BEIJING — More than 1,700 medical workers on the front lines of China’s battle with a new coronavirus have been infected, and six have died, medical authorities said on Friday.

The vast majority of the medics — 1,502 out of 1,716 — have fallen ill in Hubei province, the epicenter of the outbreak, said Zeng Yixin, deputy director of the National Health Commission.

It is the first time China is releasing an official count of infections among medical personnel during the COVID-19 outbreak.

“The fact that there are over 1,700 health workers among all the cases of COVID is very sad news,” World Health Organization emergency chief Mike Ryan told a press briefing in Geneva.

However, the situation can be brought under control with the right kind of safety training, according to the U.N. health agency.

Infections of medical workers during outbreaks are usually not due to a lack of protective gear but to inadequate safety procedures, especially among exhausted staff who work around the clock, according to WHO infection specialist Sylvie Briand.

The U.N. health agency is seeking data from China on when and how these health workers were infected, Ryan said, adding that initial information suggests that virus transmission in medical settings has decreased in the past two weeks.

Public sympathy for medical workers exposing themselves to the disease has surged in China, especially after the death last week of Li Wenliang, a doctor from Wuhan who sounded an early alarm about the virus and was initially rebuked by authorities for doing so.

Videos were also circulating online about a Wuhan nurse who reportedly walks to work every morning, with her husband driving behind her to light her way, as she has decided to self-quarantine from her family to avoid exposing them to the virus.

Meanwhile, authorities said on Friday that the number of coronavirus infections across the country had reached 55,748, with 1,380 deaths.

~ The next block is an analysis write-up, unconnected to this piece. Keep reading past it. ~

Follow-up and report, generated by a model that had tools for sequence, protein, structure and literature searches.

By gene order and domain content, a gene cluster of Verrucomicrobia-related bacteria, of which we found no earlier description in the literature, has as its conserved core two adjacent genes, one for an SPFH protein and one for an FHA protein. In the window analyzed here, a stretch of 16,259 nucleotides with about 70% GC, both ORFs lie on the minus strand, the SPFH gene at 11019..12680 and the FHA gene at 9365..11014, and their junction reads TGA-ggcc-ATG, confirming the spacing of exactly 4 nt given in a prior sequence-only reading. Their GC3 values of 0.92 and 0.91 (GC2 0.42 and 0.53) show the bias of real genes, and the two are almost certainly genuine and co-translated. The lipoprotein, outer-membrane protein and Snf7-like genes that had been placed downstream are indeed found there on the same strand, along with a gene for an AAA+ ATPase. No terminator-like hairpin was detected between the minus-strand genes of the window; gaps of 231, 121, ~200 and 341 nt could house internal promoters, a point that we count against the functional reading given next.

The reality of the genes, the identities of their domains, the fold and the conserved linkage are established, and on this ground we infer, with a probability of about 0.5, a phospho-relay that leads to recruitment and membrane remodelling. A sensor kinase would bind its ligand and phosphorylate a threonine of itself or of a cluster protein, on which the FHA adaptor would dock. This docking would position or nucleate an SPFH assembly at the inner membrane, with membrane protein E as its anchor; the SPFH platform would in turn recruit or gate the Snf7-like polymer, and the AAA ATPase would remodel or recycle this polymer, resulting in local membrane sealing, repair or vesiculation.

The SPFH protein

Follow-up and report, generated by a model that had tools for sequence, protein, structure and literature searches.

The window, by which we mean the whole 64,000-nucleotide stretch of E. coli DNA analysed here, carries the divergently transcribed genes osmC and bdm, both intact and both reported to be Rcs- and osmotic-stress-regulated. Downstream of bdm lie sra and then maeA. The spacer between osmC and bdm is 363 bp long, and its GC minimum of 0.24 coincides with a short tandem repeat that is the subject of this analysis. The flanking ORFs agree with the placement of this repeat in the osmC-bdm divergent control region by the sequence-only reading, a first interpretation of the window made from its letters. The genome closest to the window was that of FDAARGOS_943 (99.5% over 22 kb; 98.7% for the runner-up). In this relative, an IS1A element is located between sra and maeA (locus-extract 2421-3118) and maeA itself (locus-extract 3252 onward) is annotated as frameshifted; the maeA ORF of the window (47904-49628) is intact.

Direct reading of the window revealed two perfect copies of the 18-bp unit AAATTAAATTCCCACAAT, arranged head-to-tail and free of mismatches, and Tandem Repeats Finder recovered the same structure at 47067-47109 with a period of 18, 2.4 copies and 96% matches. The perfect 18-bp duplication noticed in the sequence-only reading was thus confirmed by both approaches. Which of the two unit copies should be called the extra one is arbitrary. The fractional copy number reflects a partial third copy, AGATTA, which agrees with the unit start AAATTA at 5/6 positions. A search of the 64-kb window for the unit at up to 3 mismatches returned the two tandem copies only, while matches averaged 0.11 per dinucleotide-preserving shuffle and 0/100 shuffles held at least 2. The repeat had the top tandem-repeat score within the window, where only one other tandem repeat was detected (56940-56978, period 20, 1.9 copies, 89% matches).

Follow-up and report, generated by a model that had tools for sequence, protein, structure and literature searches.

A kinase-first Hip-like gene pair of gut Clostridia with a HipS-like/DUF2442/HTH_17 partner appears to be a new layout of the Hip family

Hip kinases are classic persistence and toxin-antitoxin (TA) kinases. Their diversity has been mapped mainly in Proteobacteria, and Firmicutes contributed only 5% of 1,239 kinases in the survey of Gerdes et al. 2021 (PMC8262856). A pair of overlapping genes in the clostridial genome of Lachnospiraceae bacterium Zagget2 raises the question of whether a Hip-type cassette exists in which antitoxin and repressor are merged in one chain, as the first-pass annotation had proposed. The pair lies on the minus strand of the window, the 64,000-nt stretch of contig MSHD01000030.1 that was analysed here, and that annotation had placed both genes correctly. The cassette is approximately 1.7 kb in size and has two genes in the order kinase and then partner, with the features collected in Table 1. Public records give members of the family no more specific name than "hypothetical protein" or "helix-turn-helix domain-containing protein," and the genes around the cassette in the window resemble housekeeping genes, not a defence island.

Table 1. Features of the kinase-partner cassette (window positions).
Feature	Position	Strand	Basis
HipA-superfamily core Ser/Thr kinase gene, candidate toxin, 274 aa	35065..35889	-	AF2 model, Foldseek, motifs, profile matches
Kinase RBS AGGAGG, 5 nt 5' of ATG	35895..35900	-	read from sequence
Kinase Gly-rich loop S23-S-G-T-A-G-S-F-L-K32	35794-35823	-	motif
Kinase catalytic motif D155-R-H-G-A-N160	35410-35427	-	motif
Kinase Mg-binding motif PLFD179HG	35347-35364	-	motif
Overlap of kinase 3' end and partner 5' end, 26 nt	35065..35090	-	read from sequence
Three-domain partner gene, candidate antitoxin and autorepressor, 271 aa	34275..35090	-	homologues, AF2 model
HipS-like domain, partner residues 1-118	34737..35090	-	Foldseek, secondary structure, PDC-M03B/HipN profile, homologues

In Hubei province alone, there were 4,823 new infections and 116 deaths registered beyond what was reported the previous day, according to regional authorities.

China corrected its national numbers after its initial daily update didn’t line up with previous data and figures issued for Hubei.

The National Health Commission said the discrepancy was due to subtracting the number of deaths from previous data because of “duplications” in the statistics from Hubei province.

The data mix-up comes a day after Hubei reported a sharp increase of more than 14,000 new patients battling COVID-19, which sparked heightened concern around the world.

That rise was mostly due to more than 13,000 earlier cases that were only added to the tally on Thursday, according to the WHO.

The numbers appeared to spike after diagnosis rules were changed for hardest-hit Hubei, meaning that going forward, lung screening results are also allowed as the basis for confirming infections rather than laboratory tests, which are used in the rest of China and abroad.

However, WHO chief Tedros Adhanom Ghebreyesus said on Friday that his agency is seeking clarification about the new diagnosis methods, “to ensure other respiratory illnesses including influenza are not getting mixed into the COVID-19 data.”

China has been accused in the past of underreporting the devastation produced by accidents and natural disasters.

Several European airlines — including Finnair, Lufthansa, Swiss International Air Lines and Austrian Airlines — announced they were extending their suspension of flights to and from China until the end of March.

The world’s airlines face potential revenue losses of between $4 billion and $5 billion in the first quarter as the coronavirus outbreak has led to widespread flight cancellations, according to the International Civil Aviation Organization.

The virus broke out in December, with the earliest cases linked to a food market in the central Chinese industrial hub of Wuhan. It has since spread to about two dozen countries, prompting governments to put travel restrictions in place.

Egypt reported its first case on Friday, after a foreigner who arrived in the North African country tested positive. The person was in stable condition and put in quarantine, the Health Ministry said.

The ministry did not specify the affected person’s nationality.

In Germany, more than 120 people who were repatriated from China and placed under quarantine could be allowed to leave over the weekend.

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